it just makes you look like an ass. Backside where you are, a small horse where I am.
  • Reply 77 of 104
    fredaroonyfredaroony Posts: 619member

    Quote:

    Originally Posted by djsherly View Post





    Ok, I'll give you a big leg up because you're simply incapable of getting it. 4G means 4G. Don't stress yourself about the ITU or the HSPA or the GSM or whatever it is you think it might mean. Its a contextual thing. HSPA+ has been marketed here as 3.5G since, well, forever. It has never been 4G here. never. So just let it go. You don't live here so you simply have no fucking clue. 4G here is specifically an LTE network which is only available in certain locations.

    So Apple come along and say, Hey Guys, I can do the 4G. They called the product the 4G for chrissakes. So australia has, as we understand, it a 4G network. But this 4g iPad won't connect to it.

    If you don't see the problem then you never will. The only country that seems to adhere to the 4G 'legal' definition (as you so authoritatively put it, incorrectly as well) is the blob of land which your fat arse currently sits on.

    Apple CHANGED THE NAME OF THE PRODUCT. There must be dozens of people getting paid the equivalent of the GDP of a small African country to decide that the name of the product has to change and you still carry on like a pork chop.

    it just makes you look like an ass. Backside where you are, a small horse where I am.


    hahaha that has to be the best single post I have ever seen in this forum! I'm sure he will have another car analogy for you now.

  • Reply 78 of 104
    jragostajragosta Posts: 10,473member
    djsherly wrote: »
    Ok, I'll give you a big leg up because you're simply incapable of getting it. 4G means 4G. Don't stress yourself about the ITU or the HSPA or the GSM or whatever it is you think it might mean. Its a contextual thing. HSPA+ has been marketed here as 3.5G since, well, forever. It has never been 4G here. never. So just let it go. You don't live here so you simply have no fucking clue. 4G here is specifically an LTE network which is only available in certain locations.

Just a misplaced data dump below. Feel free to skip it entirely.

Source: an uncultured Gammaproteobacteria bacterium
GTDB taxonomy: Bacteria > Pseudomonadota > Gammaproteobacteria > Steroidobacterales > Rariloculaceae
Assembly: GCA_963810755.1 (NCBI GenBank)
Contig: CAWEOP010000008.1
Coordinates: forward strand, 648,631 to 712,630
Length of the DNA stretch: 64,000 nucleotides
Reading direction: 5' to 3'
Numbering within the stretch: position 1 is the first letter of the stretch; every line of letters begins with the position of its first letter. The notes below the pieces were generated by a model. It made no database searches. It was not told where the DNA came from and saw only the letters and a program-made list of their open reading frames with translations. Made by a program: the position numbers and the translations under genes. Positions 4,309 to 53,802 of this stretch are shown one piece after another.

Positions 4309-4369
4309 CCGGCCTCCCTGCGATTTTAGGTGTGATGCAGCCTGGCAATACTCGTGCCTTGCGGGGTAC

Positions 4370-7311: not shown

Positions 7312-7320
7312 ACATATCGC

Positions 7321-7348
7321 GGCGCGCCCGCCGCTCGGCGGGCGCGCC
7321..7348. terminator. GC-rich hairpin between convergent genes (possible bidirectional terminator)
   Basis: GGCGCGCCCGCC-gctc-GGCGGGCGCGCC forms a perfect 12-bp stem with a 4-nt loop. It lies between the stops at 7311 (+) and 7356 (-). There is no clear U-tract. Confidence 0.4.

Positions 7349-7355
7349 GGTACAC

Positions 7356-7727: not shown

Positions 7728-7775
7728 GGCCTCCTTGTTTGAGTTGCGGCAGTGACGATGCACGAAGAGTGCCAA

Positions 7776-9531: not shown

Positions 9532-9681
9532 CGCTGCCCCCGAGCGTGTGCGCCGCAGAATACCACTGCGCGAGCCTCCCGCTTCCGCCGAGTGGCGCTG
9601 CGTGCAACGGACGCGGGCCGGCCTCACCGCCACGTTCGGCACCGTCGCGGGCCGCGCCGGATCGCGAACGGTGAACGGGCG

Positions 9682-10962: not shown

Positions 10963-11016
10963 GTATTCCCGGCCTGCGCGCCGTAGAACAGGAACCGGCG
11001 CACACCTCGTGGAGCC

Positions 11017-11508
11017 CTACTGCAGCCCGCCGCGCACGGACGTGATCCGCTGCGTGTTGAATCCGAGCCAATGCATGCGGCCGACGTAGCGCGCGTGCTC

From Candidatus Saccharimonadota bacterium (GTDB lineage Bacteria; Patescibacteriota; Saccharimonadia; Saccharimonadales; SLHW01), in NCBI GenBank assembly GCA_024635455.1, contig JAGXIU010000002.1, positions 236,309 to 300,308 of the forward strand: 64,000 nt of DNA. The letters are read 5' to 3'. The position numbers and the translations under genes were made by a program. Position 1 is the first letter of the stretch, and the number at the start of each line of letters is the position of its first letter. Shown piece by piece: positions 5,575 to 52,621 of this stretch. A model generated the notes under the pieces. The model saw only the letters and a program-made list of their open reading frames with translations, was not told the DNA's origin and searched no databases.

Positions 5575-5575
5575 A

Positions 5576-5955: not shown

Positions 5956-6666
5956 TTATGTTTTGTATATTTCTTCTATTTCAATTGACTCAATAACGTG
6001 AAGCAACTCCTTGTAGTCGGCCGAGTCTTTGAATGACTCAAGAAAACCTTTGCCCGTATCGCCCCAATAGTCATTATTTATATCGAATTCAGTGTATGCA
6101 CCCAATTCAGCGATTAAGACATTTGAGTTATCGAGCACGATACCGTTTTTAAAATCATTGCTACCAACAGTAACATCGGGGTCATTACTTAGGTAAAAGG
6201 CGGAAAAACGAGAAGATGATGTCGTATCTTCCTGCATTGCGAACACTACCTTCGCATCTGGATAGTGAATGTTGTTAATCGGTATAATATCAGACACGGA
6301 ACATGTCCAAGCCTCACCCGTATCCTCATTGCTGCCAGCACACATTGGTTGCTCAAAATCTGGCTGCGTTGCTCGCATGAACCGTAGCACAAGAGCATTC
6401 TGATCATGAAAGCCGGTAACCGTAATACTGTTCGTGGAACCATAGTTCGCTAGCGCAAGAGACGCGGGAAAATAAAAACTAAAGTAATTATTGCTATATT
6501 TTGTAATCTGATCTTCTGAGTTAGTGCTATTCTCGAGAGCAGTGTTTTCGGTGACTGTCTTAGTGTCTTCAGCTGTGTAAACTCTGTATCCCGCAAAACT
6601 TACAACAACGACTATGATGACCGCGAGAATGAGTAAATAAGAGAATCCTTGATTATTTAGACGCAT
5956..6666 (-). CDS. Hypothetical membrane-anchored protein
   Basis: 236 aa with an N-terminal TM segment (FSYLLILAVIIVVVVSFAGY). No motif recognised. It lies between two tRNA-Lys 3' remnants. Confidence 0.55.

Sorry, but your biased, Apple-hating opinion does not change the international standard definition. HSPA+ is 4G according to international standards.

    You might like to join the civilized world.
  • Reply 79 of 104
    jfanningjfanning Posts: 3,391member
    jragosta wrote: »
    Sorry, but your biased, Apple-hating opinion does not change the international standard definition. HSPA+ is 4G according to international standards.
    You might like to join the civilized world.

    Pot, meet Kettle...

    I'm afraid it is you being the biased one, you seem to be blind to fact you are wrong. Why do you still refuse to accept you were wrong?
  • Reply 80 of 104
    forisforis Posts: 25member
    Can this thread get any more childish?

    "Accept that you are wrong"? Does that make you feel big - what's next, your father's a cop?

    If you have a solid argument, don't you think that demonstrating an understanding of the actual issues here, including why Apple branded their products this way, might actually establish the strength of your argument instead of this puerile machismo?

    Or perhaps that's all there is, and you subscribe to the theory that he who shouts loudest wins the argument.

    Ok rant over. This mindless squabbling pisses me off.